The Two-Way Flow of Feedback

 The Two-Way Flow of Feedback

Brian M. Pete and Robin Fogarty, PhD

One of the most effective strategies to engage students in their own learning is modeling metacognition. This “thinking about one’s thinking” uncovers personalized feedback to the student. By modeling reflections on students’ work, students soon learn that their own reflective adjustments are what matters most as they grow and progress in their awareness of their own learning. They soon learn to use self-feedback techniques to scrutinize their own work.

In the process of becoming more reflective about their learning, students also understand that feedback isn’t about what’s wrong—it’s about what’s next.  With that in mind, there are many facets that guide the feedback flow for metacognitive reflection for appraising and improving student work.


Engaging students with feedback begins with teacher observations about what occurs in the teaching and learning process. That said, to know that the feedback flow actually is a two-way flow is significant. Stiggins, 2009; Wiliam, 2011, and Fogarty & Kerns, 2009, write richly about instructional opportunities to optimize feedback from students. They encourage teachers to pay close attention to the endless flow of student work samples, dialogues, peer conversations, homework, and routine instructional tasks. These constitute genuine feedback, cues, and clues about students’ learning. Truly, the observant teacher can glean much relevant data from students, as evidence of their learning.

The other notable way that feedback flows, of course, is the flow of finely-crafted teacher comments, hints, and suggestions to the students (Hatti, 2003; Hattie, & Templay, 2007).  Carefully providing feedback that is immediate, specific, relevant, and actionable is intended to move the students along. Yet, what seems most pertinent in this discussion is that the feedback comes from students to teachers and to students from teachers. This is that continuous, two-way back and forth between students and teachers and it’s how the magic of independent learning happens. It’s how the learning journey toward improvement and perfection is orchestrated in effective instructional scenarios. It’s how a sense of student agency develops.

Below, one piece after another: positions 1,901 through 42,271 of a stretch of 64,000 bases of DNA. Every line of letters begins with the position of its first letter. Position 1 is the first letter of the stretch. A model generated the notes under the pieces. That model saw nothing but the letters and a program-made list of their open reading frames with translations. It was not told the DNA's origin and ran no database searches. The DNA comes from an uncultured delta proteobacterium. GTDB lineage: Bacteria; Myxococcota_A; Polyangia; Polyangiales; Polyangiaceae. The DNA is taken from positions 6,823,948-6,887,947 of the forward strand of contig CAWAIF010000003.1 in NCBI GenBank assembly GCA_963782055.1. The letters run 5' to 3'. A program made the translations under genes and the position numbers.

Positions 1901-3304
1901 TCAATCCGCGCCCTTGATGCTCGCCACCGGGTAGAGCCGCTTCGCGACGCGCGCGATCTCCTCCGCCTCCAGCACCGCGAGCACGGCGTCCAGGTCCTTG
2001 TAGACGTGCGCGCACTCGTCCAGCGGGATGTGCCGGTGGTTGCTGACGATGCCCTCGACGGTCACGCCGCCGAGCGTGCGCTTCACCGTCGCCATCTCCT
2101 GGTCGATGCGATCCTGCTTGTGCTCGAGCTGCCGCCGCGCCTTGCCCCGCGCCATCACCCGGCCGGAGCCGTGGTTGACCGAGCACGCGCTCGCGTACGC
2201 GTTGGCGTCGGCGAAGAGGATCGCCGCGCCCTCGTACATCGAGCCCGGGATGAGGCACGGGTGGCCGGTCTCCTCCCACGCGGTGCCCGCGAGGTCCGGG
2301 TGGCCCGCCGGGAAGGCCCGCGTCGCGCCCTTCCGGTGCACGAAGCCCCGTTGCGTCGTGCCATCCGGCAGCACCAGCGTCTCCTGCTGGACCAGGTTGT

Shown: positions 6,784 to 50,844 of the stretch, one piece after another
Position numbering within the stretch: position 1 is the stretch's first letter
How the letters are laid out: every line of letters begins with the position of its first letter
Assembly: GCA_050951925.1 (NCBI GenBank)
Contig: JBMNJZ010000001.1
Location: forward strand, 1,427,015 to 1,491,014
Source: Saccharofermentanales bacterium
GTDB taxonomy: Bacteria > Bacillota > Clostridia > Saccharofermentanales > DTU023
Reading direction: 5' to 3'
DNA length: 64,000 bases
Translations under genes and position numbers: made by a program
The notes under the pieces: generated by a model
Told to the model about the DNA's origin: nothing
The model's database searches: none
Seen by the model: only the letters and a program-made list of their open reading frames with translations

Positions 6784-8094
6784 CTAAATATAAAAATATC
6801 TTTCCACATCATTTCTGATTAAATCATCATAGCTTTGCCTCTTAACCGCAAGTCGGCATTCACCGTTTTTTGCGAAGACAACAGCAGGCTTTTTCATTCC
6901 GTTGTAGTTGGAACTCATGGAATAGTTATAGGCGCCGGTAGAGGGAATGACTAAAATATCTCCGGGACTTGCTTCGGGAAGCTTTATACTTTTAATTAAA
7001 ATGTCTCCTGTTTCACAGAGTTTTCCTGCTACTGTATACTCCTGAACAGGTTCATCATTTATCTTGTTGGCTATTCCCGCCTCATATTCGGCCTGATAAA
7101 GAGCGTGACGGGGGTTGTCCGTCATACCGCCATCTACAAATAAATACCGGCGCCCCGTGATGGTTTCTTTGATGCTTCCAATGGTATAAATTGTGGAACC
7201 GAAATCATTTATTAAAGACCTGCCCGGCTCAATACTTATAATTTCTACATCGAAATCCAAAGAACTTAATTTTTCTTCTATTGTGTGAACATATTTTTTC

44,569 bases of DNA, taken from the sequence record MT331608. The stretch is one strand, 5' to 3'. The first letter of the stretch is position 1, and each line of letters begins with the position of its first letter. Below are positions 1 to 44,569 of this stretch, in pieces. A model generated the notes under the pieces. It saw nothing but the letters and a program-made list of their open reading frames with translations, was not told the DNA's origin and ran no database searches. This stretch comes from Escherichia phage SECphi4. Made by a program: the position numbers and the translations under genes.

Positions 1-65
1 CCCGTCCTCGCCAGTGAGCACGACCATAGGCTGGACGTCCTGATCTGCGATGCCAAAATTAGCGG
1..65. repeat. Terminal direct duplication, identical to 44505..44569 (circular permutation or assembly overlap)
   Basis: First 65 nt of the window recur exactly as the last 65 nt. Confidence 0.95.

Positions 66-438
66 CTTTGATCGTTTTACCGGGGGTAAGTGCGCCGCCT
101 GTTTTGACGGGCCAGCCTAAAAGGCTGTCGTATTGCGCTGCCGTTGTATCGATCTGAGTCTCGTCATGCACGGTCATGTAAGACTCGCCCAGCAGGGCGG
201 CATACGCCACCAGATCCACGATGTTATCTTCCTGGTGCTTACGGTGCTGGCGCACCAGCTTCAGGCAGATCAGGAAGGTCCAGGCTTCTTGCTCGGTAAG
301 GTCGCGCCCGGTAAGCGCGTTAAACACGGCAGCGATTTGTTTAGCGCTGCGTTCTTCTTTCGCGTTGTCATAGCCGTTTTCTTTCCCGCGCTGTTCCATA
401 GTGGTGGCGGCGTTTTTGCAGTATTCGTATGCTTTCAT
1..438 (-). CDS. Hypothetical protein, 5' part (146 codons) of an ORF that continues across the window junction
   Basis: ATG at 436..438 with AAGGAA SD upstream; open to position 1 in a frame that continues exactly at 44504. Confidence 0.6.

Feedback from students embraces the power and productivity of formative assessments during the course of normal instruction, and allows for endless customizations to student learning. With routine, everyday feedback information gleaned from those deliberate, common learning tasks (work samples, class participation, and specific signaling strategies) that occur throughout the day, teachers can make decisions that truly personalize learning.

In fact, as teachers become aware of the power of optimizing student feedback, they realize that opportunities abound for insightful, metacognitive reflection as students interact in dialogues, small group conversations, and whole group discussions. Finally, there is evidence of rigorous feedback from kids as their thoughts are revealed in deliberate strategies including talk-alouds, problem-solving, and item analysis work-throughs.


Feedback explicitly flowing to students before, during, or following a learning session or work time, is determined most frequently, by the teacher. Yet peer feedback, partner back-and-forths, and even trios with a reflective observer in the group often can provide viable and useful coaching tips, hints, and clarifications to allow that student to continue on his way. As a result, students can be more effective and can develop a surefootedness, boosted by that emerging self-confidence.

This feedback to students is best done in a coaching way, not in a correcting way. That’s how students become empowered in their own right to take responsibility for correcting their work. Feedback informs and gives students control over their own learning.